September 2019 Article

This Month's Article:  September 2019
Continuing to Build the new Nelson & Albemarle Railway Map
For five years, a search was made seeking details on the Nelson & Albemarle Railway track arrangement at Rockfish, Virginia.  Creation of a new Nelson & Albemarle map was started but then stalled as the detail for Rockfish was no where to be found.  Key to the new map was the plans for inclusion of various elements in the lifecycle of both the predecessor lines and the Nelson & Albemarle Railway's own evolution.  The time period in question runs between 1901 and 1944 and featured the Schuyler Railway, the electric line originally established to support rail transport between the Rockfish Depot and the soapstone mill at Schuyler, Virginia and the rebuilt line providing proper roadbed for the Nelson & Albemarle steam trains that would include the former electric trolleys as part of operations from 1903 to 1944 when a serious flood of the Rockfish river and valley did irreparable harm to the rails and roadbed. There was so much damage that any option to rebuild that line was a financial impossibility if the same route was utilized.  Thus ended the rail service between Rockfish and Schuyler and the move to have all rail transport served by the C&O interchange in Esmont/Warren.   Because the line to Rockfish was not well documented in photographs, the importance of securing any detail became paramount to creating that new map.  As mentioned earlier this year, a new source was identified and purchased to support as much detail as could be possible for the early era when the Schuyler Railway was in service.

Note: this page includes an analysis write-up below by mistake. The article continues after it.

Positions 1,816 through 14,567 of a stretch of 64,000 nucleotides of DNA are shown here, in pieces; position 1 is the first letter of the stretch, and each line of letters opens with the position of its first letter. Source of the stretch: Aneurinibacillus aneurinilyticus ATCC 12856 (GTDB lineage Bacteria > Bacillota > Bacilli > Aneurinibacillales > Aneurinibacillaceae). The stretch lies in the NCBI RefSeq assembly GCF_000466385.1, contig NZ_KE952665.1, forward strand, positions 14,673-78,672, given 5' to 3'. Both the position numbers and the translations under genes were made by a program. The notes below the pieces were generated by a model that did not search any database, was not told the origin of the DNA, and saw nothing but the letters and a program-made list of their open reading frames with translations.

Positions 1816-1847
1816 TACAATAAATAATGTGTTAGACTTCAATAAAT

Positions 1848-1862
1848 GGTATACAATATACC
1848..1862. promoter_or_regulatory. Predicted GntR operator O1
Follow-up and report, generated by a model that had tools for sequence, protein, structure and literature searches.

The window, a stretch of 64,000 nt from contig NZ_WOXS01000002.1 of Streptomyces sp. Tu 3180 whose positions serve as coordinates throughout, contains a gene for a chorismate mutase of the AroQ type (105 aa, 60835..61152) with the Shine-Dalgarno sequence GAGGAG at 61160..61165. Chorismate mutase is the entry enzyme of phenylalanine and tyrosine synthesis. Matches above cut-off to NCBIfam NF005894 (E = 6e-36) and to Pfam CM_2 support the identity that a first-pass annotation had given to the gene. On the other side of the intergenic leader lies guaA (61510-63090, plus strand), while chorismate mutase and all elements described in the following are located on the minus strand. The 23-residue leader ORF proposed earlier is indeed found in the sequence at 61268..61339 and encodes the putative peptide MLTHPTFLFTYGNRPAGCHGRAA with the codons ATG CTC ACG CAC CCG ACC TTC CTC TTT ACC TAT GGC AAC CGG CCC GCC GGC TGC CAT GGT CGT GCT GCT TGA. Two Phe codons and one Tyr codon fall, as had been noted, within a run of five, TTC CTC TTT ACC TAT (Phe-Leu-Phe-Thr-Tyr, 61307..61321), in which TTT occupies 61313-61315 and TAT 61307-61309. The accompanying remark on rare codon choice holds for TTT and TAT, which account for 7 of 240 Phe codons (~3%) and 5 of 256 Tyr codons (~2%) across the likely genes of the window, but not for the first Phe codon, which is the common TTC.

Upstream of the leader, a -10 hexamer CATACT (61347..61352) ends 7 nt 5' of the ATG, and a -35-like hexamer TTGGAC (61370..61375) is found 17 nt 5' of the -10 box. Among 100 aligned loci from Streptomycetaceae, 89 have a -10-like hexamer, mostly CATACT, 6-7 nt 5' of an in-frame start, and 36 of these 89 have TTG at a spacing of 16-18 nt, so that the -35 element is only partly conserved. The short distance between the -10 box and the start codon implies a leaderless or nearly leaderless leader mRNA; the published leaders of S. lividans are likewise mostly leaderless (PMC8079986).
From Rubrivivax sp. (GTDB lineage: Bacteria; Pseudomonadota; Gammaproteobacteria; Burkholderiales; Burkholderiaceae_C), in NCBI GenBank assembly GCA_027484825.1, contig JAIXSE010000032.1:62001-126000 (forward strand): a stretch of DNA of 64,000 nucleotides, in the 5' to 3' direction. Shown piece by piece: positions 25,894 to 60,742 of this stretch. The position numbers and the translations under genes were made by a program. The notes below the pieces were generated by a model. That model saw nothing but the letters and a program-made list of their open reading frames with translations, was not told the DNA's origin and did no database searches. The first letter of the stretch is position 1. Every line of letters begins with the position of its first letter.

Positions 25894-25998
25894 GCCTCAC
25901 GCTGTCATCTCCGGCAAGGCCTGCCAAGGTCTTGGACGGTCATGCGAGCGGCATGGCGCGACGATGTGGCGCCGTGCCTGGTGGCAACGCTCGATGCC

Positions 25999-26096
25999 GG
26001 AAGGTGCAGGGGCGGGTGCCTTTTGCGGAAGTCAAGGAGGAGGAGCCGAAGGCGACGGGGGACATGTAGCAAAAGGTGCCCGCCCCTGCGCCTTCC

This Soils Map, developed by the U. S. Department of Agriculture, Bureau of Soils, was based on a U. S. Geological Survey Sheet (map) of 1892 identified as the Buckingham Sheet.  The soil survey (Field Operations) was conducted by Charles N. Mooney and F. E. Bonsteel in 1902 and the map is dated that same year.  Fortunately also shown on the Soils Map are railway lines, roadways, and significant buildings (which includes the soapstone mill building at Schuyler, the Southern Railway depot at Rockfish, and the soapstone warehouse at Rockfish where the trolley line ran through the center of the building just across the tracks opposite the Southern Railway depot).  As noted in 2015 only  a year after our search for detail on the Rockfish trackage began, it was noted that the new map was using 7 sources to compile data but that list grew to 10 sources over the last year and they are shown here in chronological order:

1. Department of Agriculture, Bureau of Soils, Virginia, Buckingham Sheet, Soils Map, dated 1902 - a single 20" x 30" map of portions of Albemarle, Nelson, and Buckingham Counties in Virginia (color enhanced for soil definitions)
2. Right of Way / Track / Valuation Maps of the Nelson & Albemarle Railway, 1915 (as found in the National Archives) - Four full size drawings with track detail
3. Topographic Map of Virginia, Covesville Quadrangle, surveyed in 1926 with topography by E. I. Ireland - standard topographic map showing elements of industry that were removed in later publication of the same map
4. Steam Locomotive and Railroad Tradition (magazine), May 1963 -  Article: An Upcountry Romance: A reminiscence of the N&A by H. Reid; A system diagram depicting all things N&A